My Context Florida colleague Martin Dyckman encourages Republicans who want to stop Donald Trump to vote for Marco Rubio in Florida’s winner-take-all primary on March 15. It’s a shame that Dyckman can’t get more help from Rubio himself.
While stopping Trump is a noble motivation, it probably isn’t sufficient. Voters judging incumbents – and that’s what Rubio is in Florida – want to know what the incumbent has done for them while in office.
In Rubio’s case, that’s close to nothing. In 2010, he was elected to the Senate with almost 49 percent of the vote. Independent Charlie Crist got nearly 30 percent and Democrat Kendrick Meek about 20. Republicans liked Rubio because they considered Crist a traitor for literally embracing President Barack Obama’s stimulus. Meek was the spoiler who ensured Rubio’s victory.
Florida’s important Hispanic voters saw Rubio as one of their own.
But Rubio has betrayed Florida’s Hispanic voters by renouncing immigration reform. This might not hurt him among Cuban-Americans, many of whom still view the prospect of his potential elevation to the White House as a source of pride.
But other Florida Hispanics, like those nationwide, can view Rubio’s new hostility to immigration reform as proof of his elitism. Cubans, after all, are treated as special cases when it comes to immigration. There is no reason for Mexican-Americans and other Latinos to look on Rubio with favor.
Then, of course, there is Rubio’s infamously bad voting record in the U.S. Senate. While many, many of Donald Trump’s assertions are lies, he was correct, according to Politifact, when he said during a recent debate that, “This guy has the No. 1 absentee record in the U.S. (Senate). He doesn’t show up to vote.”
In the past year, Rubio has missed 41 percent of votes. Ted Cruz has missed 36 percent. Bernie Sanders has missed just 19 percent – although if you restrict the time frame to just 2016, Sanders has the worst attendance record according to The Washington Post.
Why would Floridians flock to vote for a guy who is supposed to represent their interests but doesn’t bother to show up to work?
Granted, conservative Republicans often say they will judge candidates by what they stop rather than by what they enact. But if that’s the yardstick, Rubio falls short as do all GOP incumbents. They haven’t stopped abortion. They haven’t stopped Obamacare. They haven’t deported illegal immigrants. Trump says he will. Perhaps he will fail, but in the eyes of Trump’s supporters, Rubio already has failed.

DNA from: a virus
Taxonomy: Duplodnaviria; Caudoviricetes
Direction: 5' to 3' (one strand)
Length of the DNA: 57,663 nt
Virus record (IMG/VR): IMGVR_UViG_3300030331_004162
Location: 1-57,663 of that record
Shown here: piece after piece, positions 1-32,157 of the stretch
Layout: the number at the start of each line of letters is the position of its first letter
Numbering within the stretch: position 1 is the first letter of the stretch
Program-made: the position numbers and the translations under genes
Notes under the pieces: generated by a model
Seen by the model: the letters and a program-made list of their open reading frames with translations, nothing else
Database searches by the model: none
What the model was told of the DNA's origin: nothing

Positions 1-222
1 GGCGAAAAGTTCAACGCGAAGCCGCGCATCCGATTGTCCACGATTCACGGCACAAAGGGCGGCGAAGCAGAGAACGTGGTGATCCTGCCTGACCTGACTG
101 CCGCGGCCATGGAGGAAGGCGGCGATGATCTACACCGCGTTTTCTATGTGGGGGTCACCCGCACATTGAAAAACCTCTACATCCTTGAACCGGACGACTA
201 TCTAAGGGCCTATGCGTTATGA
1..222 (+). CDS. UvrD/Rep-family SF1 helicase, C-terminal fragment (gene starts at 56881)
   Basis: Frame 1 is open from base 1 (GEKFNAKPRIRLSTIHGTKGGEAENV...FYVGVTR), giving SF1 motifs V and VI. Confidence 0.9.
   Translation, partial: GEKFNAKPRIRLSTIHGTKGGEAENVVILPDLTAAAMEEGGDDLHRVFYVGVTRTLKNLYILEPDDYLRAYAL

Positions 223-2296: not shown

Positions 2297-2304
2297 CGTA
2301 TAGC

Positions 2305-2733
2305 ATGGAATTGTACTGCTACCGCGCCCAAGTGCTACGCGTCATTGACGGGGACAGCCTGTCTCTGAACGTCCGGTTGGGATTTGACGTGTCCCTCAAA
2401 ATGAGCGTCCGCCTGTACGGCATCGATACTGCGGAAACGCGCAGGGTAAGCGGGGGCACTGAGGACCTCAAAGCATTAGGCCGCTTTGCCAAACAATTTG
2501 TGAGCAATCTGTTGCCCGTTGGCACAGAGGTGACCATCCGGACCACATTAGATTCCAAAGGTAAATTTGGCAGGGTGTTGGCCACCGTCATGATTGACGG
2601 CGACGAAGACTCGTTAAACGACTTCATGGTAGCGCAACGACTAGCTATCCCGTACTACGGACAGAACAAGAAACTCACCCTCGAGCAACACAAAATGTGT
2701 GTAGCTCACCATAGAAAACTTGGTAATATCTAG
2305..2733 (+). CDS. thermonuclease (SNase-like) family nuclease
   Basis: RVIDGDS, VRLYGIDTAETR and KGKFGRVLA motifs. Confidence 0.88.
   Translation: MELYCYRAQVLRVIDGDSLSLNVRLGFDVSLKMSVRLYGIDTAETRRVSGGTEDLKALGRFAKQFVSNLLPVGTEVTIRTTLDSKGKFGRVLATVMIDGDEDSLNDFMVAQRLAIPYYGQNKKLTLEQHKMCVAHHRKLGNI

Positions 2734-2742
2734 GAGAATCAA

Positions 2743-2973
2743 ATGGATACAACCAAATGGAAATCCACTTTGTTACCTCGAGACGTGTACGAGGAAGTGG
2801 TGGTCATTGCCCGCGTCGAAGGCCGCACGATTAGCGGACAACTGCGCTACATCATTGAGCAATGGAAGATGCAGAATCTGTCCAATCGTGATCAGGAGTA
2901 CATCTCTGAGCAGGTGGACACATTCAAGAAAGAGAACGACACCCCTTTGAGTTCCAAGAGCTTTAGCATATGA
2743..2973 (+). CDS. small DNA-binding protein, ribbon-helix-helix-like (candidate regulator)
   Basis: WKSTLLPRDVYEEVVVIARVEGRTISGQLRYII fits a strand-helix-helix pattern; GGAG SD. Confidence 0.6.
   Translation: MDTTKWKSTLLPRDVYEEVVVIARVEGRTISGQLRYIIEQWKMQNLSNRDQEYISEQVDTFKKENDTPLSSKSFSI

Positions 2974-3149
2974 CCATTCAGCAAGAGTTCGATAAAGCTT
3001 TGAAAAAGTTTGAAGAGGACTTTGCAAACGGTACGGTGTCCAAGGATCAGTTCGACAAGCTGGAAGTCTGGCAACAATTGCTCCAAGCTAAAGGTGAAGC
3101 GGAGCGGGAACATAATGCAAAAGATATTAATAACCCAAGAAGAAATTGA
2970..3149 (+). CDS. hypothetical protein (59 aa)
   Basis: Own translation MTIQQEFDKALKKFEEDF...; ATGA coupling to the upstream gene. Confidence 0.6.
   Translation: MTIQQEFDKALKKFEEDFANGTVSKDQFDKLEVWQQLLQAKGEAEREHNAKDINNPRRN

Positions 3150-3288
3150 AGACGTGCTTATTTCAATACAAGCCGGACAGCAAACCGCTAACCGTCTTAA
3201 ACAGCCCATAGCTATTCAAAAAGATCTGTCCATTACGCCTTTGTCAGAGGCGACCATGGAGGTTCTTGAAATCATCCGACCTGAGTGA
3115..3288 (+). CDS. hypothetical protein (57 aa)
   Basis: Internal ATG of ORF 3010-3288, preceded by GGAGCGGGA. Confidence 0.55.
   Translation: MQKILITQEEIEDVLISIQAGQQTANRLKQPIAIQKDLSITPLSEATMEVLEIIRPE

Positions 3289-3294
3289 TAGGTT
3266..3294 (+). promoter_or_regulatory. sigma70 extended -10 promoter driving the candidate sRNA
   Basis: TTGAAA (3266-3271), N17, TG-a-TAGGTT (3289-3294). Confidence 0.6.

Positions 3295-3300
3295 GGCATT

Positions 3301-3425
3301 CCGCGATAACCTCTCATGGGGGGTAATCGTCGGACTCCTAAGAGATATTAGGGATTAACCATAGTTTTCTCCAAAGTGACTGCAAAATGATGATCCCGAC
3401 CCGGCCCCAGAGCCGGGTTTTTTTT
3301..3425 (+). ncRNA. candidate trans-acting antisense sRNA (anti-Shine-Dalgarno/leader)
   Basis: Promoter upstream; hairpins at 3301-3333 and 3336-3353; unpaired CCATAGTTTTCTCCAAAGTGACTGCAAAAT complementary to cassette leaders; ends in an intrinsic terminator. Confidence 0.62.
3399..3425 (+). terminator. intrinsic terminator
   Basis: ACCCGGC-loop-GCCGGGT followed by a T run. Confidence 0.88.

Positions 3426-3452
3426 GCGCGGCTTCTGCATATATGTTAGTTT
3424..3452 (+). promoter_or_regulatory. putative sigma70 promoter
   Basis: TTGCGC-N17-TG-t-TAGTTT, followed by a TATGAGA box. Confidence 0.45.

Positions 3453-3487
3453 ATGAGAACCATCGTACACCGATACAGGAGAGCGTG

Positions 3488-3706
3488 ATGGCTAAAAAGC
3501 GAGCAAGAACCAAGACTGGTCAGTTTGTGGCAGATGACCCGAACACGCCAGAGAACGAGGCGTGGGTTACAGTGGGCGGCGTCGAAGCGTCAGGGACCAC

Rubio does brag that, via a clever amendment to a spending bill, he was able to throw a monkey wrench into Obamacare. His amendment makes it harder for struggling insurance plans to stay in business. Perhaps that will help him in a Republican primary. But by opposing and hampering Obamacare, Rubio is attacking a program that 1.6 million Floridians rely on for health care coverage.
If you look at the bills Rubio actually has passed, the record is not impressive. According to GovTrack, Rubio has sponsored 107 bills. Of those, two passed the Senate. One of them offered a $10 million reward for information on the kidnapping and murder of hostages James Foley and Steve Sotloff. The other was in honor of Vaclav Havel.
Rubio won approval for 13 resolutions for such things as “honoring the lives of the 33 crew members aboard the El Faro,” designating September 2014 as “National Spinal Cord Injury Awareness Month,” another “recognizing the importance and inspiration of the Hubble Space Telescope” and several congratulating the Miami Heat for winning the NBA championship.
How many Rubio-sponsored bills did the president actually sign into law? Exactly one, the “Girls Count Act of 2015.”
The bill is an act “To authorize the Secretary of State and the Administrator for the United States Agency for International Development to provide assistance to support the rights of women and girls in developing countries.”
Commendable, but hardly a legislative career to inspire Florida’s conservative Republicans to swoon over Rubio’s candidacy and to turn out in droves to vote for him.
Rubio’s campaign is based on what he is – a fresh, young, conservative face – rather than on what he has done. That strategy is necessary because, in the U.S. Senate, Rubio has done virtually nothing. Even his achievements as a state legislator were – as Context Florida publisher Peter Schorsch has noted – mostly because of then-Gov. Jeb Bush.
The problem is that the Republican base likes what Donald Trump is more than they like what Marco Rubio is. To them, Rubio is the guy who had his chance and blew it. Trump is the guy who still has the chance to blow things up.
Rubio’s campaign wants the horrified branch of the GOP to think that he is the guy who can stop Trump and Cruz and then rally the party behind him to win in November. Rubio can’t do that if he is the guy who can’t even win the GOP primary in his home state.
As March 15 approaches, Rubio is plagued by this question: Marco, what have you done for Florida lately?
• • •
Jac Wilder VerSteeg is a columnist for The South Florida Sun Sentinel, former deputy editorial page editor for The Palm Beach Post and former editor of Context Florida.